Poppy Ann Fields has a wonderful rapport with bugs. She’s a connoisseur of spiderwebs and “cicadas’ newest symphony,” Theule (Born to Ride) writes, and she can coax a pill bug out of its shell. Mixing with other human beings in their habitat is another story: Poppy does her best to disappear in every setting, whether it’s blending in with wallpaper stripes or hiding in the branches of a miniature orange tree. It looks like the big 100th picnic birthday party for Grandma Phyllis will be no exception—though from the sidelines, beneath papel picado banners, the ever-observant child notices how the guests “looked like colorful leaves falling/ into/ each other,/ then/ drifting/ apart.” When a dragonfly alights on Poppy’s hand (“The scientific name is Anisoptera,” Poppy tells everyone “softly, but clearly”), the crowd realizes she has a special connection with the natural world, and for the first time, Poppy’s patience, focus, and willingness to embrace stillness count for something among her relations. “You wildflower, you,” Grandma Phyllis says, giving her a big hug. Palacios (Between Us and Abuela) echoes the tenderness of the narration with a palette reminiscent of old-fashioned botanical prints: aqueous blues, warm reds, and warm, grassy greens. A glossary of “bug friends” concludes. Ages 3–6. (Mar.)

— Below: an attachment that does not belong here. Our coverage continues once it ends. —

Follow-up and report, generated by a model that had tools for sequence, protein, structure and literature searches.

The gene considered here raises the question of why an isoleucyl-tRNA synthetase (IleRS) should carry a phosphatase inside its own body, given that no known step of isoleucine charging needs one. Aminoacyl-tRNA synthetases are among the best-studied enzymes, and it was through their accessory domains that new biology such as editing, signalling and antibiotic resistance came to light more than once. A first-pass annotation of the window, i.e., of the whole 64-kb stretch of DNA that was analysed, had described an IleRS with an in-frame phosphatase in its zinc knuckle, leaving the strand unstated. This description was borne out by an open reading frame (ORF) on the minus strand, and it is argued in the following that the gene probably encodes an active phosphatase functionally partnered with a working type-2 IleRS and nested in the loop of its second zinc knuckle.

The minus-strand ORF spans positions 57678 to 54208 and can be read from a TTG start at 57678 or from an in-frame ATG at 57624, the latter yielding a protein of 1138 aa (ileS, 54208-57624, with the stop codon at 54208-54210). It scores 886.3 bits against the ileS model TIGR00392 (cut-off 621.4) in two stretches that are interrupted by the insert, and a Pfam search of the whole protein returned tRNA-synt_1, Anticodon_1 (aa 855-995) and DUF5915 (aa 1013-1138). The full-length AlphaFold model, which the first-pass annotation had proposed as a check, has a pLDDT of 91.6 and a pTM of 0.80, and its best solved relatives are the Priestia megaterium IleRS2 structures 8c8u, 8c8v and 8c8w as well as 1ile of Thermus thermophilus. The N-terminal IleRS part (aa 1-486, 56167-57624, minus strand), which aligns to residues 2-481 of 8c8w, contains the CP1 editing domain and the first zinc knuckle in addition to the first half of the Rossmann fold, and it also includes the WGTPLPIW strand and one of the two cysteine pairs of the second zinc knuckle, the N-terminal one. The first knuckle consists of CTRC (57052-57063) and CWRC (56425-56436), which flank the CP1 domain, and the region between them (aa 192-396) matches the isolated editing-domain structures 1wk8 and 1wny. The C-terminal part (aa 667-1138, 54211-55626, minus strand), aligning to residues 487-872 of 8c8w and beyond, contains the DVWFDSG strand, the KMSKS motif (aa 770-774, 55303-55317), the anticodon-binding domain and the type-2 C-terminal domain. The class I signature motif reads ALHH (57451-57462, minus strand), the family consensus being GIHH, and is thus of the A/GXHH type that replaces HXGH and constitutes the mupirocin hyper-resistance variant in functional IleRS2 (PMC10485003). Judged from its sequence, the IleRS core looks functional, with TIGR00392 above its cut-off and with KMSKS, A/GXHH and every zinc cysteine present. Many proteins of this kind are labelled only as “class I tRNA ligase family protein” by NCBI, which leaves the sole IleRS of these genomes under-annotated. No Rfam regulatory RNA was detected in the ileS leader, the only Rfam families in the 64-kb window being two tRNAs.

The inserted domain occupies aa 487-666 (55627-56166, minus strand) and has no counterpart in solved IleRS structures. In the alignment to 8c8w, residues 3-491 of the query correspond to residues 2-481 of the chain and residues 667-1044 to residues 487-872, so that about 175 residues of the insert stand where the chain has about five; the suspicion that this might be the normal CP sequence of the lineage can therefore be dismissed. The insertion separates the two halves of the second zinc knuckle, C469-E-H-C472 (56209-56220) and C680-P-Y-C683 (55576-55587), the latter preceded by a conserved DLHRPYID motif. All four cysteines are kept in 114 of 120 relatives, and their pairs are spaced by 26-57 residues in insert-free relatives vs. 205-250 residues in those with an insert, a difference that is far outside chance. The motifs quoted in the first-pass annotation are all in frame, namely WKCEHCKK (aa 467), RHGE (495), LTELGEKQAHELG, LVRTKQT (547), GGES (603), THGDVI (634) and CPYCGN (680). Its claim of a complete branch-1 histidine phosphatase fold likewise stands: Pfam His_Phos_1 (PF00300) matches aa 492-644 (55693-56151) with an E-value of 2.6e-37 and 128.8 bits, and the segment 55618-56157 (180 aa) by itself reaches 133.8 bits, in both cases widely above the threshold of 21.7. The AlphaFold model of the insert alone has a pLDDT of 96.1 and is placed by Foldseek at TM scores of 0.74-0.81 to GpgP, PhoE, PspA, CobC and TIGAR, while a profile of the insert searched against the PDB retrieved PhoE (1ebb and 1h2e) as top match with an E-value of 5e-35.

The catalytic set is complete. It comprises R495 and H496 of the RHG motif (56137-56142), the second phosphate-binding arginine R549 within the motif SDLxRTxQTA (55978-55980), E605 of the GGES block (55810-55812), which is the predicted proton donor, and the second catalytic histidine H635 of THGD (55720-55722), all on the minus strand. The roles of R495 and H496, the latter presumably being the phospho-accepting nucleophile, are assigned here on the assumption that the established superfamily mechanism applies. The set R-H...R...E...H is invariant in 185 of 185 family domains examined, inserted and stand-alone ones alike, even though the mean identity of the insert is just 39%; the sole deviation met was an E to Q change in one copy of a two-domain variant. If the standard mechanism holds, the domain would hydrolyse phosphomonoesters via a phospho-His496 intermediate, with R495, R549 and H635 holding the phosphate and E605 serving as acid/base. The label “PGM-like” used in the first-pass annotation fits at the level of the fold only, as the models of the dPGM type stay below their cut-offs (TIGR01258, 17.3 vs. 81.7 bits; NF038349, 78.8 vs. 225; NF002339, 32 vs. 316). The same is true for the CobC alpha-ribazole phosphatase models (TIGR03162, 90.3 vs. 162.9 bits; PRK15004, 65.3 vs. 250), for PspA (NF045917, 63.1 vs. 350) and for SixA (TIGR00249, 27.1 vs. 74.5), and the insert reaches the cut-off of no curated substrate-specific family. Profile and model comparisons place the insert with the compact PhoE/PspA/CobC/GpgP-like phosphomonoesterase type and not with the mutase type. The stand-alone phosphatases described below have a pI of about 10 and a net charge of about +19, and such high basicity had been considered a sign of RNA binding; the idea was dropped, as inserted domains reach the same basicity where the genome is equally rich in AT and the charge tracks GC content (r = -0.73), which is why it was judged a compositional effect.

Reviewed on : 12/12/2019 Release date: 03/03/2020 Genre: Children's
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